Ms. Hall went through a calendar of events and explained that the departments had been working with the budget department in order to get their budget requests in, and that they would be sharing those preliminary requests with the Board as well as some of the millage and rates that they were working with.  She also emphasized that everything they did in the budget process was very defined by Statutes, with specific dates and timelines.  She specified that certain constitutional officers were required to give the County their budgets by June 1.  She added that the preliminary tax roll that they got from the property appraiser that gave them an idea of what the property taxes were likely to be for next year would be due by June 1 as well.  She also stated that the official tax roll would come by July 1, which is what the County would be basing their proposed budget on.  She noted that by Statutes, she was required to give the Board a proposed budget for next year by July 15 that was put together by the County Manager working with the departments and the budget department.  She reported that in early August, the Board was required to set the tentative millage rates, which went out in the middle of August on the tax notifications from the property appraiser’s office.  She stated that the public hearings would be in early September and that they were required by Statutes to have budget workshops sometime between July 15 and early September, which would be set for sometime in that time frame for the Board to give them feedback and make changes to the proposed budget as it was given to the Board.  She also specified that there would be a second public hearing during the second half of September, at which time the Board would be requested to adopt the budget for the following year.  She mentioned that things might change, depending on what would happen in Tallahassee.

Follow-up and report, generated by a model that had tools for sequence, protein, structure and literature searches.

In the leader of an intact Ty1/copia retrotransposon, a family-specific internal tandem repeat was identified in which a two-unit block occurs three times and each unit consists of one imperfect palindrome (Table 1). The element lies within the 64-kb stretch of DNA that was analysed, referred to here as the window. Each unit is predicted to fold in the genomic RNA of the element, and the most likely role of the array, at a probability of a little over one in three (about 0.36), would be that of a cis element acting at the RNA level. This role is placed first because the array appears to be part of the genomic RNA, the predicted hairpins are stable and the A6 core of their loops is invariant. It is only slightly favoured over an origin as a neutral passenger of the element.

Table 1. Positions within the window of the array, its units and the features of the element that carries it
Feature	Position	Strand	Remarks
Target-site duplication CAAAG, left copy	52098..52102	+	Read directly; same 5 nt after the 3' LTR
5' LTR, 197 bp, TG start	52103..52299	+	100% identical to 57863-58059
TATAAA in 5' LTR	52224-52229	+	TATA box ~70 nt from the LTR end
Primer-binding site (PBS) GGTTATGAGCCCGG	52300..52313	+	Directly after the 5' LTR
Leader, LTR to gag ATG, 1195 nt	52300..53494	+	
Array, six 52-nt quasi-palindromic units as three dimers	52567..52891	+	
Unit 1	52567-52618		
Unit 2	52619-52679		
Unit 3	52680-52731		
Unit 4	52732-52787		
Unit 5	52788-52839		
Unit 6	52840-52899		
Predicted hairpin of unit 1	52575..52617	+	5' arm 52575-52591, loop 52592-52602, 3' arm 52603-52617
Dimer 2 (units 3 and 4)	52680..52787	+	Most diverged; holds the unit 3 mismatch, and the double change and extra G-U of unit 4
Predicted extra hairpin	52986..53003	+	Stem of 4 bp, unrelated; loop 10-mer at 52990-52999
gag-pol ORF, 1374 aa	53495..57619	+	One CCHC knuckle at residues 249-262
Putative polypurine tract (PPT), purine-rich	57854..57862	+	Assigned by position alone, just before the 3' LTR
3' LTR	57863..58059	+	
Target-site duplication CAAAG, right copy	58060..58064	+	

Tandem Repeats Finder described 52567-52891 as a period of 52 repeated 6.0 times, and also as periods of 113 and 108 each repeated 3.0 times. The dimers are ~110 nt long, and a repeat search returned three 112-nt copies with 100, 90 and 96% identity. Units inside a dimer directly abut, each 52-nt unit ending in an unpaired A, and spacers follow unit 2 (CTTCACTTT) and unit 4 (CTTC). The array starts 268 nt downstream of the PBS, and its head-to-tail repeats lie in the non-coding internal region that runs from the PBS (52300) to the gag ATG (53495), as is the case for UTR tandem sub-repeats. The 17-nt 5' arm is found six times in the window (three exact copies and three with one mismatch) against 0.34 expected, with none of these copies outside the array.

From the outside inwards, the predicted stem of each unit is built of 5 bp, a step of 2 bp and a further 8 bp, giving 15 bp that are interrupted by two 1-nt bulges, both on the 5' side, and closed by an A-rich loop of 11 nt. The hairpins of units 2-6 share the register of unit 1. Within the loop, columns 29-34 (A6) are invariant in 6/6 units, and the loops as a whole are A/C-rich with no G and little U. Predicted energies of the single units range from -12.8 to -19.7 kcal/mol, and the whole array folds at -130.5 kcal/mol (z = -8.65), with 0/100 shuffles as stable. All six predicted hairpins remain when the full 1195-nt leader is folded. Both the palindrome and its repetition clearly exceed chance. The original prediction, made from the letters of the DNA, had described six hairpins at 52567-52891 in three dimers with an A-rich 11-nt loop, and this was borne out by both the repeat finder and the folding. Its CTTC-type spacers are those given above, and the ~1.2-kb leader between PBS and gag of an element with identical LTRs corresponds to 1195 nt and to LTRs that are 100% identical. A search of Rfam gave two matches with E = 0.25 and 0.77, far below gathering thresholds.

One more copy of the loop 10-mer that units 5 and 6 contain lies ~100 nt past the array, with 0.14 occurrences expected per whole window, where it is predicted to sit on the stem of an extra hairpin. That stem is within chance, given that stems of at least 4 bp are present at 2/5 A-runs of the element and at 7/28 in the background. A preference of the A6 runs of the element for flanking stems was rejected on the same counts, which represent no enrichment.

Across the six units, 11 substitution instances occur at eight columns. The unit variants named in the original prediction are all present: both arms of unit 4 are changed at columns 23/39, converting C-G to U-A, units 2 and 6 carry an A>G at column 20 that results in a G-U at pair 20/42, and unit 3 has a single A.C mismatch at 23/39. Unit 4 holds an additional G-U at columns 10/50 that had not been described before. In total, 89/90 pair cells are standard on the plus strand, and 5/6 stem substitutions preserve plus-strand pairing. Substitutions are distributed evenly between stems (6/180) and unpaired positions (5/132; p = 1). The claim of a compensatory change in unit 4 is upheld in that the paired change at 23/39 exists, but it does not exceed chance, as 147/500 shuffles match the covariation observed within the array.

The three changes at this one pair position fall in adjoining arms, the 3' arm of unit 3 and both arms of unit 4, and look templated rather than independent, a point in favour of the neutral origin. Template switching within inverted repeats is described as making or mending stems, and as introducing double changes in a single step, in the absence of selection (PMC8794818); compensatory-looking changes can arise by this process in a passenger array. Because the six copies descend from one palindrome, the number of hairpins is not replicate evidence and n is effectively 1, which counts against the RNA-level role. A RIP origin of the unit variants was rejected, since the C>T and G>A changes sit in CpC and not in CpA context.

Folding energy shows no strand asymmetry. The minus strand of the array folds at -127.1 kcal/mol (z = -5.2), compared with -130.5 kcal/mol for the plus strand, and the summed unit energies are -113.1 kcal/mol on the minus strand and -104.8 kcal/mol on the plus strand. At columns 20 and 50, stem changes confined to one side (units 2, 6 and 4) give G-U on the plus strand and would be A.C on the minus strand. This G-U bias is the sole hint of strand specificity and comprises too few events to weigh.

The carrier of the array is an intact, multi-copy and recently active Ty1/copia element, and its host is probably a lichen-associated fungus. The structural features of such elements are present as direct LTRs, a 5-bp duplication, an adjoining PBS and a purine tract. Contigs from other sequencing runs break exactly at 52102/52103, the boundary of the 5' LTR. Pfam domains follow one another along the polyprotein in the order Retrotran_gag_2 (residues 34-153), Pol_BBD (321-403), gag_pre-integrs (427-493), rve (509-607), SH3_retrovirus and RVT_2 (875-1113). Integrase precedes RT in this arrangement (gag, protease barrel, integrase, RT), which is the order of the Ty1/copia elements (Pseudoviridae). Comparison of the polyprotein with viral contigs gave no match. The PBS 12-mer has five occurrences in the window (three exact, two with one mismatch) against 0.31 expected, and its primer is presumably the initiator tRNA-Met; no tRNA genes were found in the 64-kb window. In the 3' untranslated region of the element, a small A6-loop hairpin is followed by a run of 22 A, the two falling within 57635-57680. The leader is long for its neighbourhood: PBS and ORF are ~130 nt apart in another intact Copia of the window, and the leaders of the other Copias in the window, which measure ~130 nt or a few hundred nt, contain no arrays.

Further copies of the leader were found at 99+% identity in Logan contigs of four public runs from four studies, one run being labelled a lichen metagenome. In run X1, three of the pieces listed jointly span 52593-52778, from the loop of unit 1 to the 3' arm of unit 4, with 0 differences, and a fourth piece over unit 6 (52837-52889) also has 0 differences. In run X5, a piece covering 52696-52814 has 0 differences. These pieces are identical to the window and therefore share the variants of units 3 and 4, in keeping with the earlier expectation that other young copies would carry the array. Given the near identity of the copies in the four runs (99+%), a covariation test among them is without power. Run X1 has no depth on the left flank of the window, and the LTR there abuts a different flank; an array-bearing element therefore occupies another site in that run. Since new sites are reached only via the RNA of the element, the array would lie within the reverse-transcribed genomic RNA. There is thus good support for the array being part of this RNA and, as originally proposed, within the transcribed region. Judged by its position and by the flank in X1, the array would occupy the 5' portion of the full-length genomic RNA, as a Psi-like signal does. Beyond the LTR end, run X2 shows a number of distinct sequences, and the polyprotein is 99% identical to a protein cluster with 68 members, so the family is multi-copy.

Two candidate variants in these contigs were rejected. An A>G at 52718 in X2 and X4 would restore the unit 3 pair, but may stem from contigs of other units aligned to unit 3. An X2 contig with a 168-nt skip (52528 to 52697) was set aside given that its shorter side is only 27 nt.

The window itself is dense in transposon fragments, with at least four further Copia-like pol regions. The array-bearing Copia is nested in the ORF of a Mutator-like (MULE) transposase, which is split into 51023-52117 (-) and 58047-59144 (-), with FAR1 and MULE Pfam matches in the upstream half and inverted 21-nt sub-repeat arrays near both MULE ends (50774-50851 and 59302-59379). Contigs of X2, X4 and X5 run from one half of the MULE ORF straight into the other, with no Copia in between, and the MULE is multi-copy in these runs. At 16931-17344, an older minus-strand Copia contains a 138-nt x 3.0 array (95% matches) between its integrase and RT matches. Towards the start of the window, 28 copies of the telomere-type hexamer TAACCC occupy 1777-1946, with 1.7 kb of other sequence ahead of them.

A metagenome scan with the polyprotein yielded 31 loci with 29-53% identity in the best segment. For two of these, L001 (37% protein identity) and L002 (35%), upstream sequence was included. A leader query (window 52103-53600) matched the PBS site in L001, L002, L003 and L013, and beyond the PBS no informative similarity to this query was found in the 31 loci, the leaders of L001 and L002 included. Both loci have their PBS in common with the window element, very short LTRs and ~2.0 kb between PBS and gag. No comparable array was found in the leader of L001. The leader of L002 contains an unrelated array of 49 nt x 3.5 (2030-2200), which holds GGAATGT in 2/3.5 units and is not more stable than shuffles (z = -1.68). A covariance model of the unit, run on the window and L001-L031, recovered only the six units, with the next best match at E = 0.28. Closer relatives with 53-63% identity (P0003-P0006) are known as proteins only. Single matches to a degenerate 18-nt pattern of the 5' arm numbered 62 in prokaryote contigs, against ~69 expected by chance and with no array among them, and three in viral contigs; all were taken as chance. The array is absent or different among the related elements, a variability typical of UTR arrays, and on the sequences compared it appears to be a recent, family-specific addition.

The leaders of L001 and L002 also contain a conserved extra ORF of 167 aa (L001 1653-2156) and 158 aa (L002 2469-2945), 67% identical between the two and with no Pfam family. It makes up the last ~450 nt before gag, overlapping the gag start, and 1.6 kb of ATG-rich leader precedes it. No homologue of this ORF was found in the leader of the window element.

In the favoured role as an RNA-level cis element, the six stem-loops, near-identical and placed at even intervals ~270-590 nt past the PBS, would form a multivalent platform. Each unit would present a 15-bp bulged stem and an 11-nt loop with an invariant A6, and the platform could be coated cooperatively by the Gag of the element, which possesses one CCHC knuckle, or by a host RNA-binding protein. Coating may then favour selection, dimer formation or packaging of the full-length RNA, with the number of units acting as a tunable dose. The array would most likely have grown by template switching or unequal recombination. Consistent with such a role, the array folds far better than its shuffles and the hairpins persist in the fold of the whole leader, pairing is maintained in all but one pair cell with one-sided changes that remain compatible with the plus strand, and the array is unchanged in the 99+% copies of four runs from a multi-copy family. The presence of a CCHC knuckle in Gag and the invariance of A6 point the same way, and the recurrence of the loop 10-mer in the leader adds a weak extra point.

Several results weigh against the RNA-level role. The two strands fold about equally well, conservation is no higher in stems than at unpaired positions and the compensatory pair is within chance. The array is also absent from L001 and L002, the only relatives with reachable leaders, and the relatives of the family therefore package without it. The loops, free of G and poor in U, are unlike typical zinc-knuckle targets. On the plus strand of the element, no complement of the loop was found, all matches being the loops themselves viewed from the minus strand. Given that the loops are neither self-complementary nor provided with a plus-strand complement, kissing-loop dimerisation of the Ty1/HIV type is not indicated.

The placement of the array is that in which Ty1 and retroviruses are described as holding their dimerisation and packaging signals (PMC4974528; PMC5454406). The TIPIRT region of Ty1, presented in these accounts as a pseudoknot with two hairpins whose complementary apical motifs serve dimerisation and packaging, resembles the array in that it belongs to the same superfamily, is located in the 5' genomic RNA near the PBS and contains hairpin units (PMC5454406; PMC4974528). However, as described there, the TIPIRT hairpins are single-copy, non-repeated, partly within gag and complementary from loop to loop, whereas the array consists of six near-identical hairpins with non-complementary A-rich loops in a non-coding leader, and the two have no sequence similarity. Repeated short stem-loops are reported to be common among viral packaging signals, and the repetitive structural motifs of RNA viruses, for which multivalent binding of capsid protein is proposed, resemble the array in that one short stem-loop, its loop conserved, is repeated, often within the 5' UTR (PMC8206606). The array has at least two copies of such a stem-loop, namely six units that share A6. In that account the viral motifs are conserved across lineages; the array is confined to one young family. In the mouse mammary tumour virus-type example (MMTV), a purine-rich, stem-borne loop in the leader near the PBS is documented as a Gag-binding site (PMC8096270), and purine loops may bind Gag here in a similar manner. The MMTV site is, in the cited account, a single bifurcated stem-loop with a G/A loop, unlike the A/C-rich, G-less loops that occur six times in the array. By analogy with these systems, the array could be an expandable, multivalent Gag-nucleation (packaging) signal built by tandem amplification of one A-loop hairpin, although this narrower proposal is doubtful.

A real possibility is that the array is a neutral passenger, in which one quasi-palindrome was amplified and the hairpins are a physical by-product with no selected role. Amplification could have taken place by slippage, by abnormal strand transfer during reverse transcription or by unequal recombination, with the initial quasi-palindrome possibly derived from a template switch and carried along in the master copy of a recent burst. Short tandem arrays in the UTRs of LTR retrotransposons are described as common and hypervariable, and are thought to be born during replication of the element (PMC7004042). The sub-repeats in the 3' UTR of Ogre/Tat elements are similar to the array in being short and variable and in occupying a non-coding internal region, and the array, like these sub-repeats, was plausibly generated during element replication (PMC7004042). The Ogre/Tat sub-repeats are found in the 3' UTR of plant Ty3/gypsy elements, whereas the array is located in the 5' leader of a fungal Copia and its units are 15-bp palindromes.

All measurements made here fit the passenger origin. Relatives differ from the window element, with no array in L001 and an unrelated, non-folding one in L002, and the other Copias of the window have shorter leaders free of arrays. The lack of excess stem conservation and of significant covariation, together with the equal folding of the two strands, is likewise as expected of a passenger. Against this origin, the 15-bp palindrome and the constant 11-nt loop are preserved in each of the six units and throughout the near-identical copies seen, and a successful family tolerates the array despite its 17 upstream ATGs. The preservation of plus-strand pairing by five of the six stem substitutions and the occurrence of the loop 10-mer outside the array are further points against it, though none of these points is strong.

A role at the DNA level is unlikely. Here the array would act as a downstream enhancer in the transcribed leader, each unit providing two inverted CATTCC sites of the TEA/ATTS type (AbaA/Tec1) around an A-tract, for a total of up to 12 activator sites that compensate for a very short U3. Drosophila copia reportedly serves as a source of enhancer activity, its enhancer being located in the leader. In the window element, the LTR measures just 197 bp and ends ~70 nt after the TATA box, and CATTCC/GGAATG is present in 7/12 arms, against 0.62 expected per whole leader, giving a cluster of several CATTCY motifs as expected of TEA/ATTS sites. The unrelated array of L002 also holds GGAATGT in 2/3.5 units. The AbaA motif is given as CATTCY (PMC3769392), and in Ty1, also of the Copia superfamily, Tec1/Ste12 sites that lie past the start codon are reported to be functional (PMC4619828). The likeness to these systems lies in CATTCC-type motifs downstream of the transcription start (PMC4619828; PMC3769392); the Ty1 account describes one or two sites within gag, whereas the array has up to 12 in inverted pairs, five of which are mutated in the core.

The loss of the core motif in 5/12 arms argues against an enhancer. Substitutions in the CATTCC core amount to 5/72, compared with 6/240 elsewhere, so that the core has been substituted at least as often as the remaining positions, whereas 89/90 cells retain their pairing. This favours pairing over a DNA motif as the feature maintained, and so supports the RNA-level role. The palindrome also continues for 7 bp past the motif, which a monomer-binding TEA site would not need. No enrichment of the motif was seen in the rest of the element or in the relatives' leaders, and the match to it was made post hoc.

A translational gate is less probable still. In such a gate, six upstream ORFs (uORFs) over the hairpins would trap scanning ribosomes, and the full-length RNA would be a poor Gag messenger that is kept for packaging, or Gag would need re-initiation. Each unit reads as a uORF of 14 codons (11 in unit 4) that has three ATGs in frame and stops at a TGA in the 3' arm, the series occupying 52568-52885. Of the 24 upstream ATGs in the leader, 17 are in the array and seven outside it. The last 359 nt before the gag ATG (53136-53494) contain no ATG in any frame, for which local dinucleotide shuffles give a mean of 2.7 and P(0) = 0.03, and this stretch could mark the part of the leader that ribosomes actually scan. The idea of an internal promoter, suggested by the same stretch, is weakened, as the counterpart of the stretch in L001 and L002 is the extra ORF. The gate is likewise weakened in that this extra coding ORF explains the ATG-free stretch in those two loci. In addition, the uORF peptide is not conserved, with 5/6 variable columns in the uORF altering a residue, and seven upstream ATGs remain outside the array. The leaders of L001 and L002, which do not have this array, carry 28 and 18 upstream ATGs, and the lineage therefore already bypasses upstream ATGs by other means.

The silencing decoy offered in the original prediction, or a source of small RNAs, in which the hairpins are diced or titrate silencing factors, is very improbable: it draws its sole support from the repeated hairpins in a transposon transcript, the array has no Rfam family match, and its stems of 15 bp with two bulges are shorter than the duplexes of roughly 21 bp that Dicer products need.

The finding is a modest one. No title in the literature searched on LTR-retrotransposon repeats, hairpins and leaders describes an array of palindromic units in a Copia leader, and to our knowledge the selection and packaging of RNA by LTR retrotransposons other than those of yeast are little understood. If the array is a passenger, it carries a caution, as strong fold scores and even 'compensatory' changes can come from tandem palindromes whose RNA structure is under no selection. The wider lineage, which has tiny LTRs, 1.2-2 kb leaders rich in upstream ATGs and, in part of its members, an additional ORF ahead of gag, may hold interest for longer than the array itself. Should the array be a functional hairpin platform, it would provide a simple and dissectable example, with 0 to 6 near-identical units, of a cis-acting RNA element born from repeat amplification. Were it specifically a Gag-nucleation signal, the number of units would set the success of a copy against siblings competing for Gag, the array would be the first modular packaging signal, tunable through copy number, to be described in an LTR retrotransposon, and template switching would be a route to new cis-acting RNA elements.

Dr. Charles R. Mojock, President of Lake Sumter Community College, introduced Mr. Will Pruitt, one of their trustees, to the Board, and mentioned that the Performing Arts Center was a facility that would be owned, operated, and maintained by Lake Sumter Community College.  He reported that their studies had shown that it would have a direct and lasting impact on Lake County citizens and businesses at a fraction of the cost of the County or some other entity doing it themselves, because of their involvement.  He also said it would create an entertainment market niche that would make Lake County a destination of choice for a new affluent market and would make a statement about Lake County’s commitment to quality of life for its people and could be used in a new economic development strategy to attract entrepreneurs and professionals.  He mentioned that a report had been done about economic analysis impact which indicated a nearly $7 million impact for this facility on our community.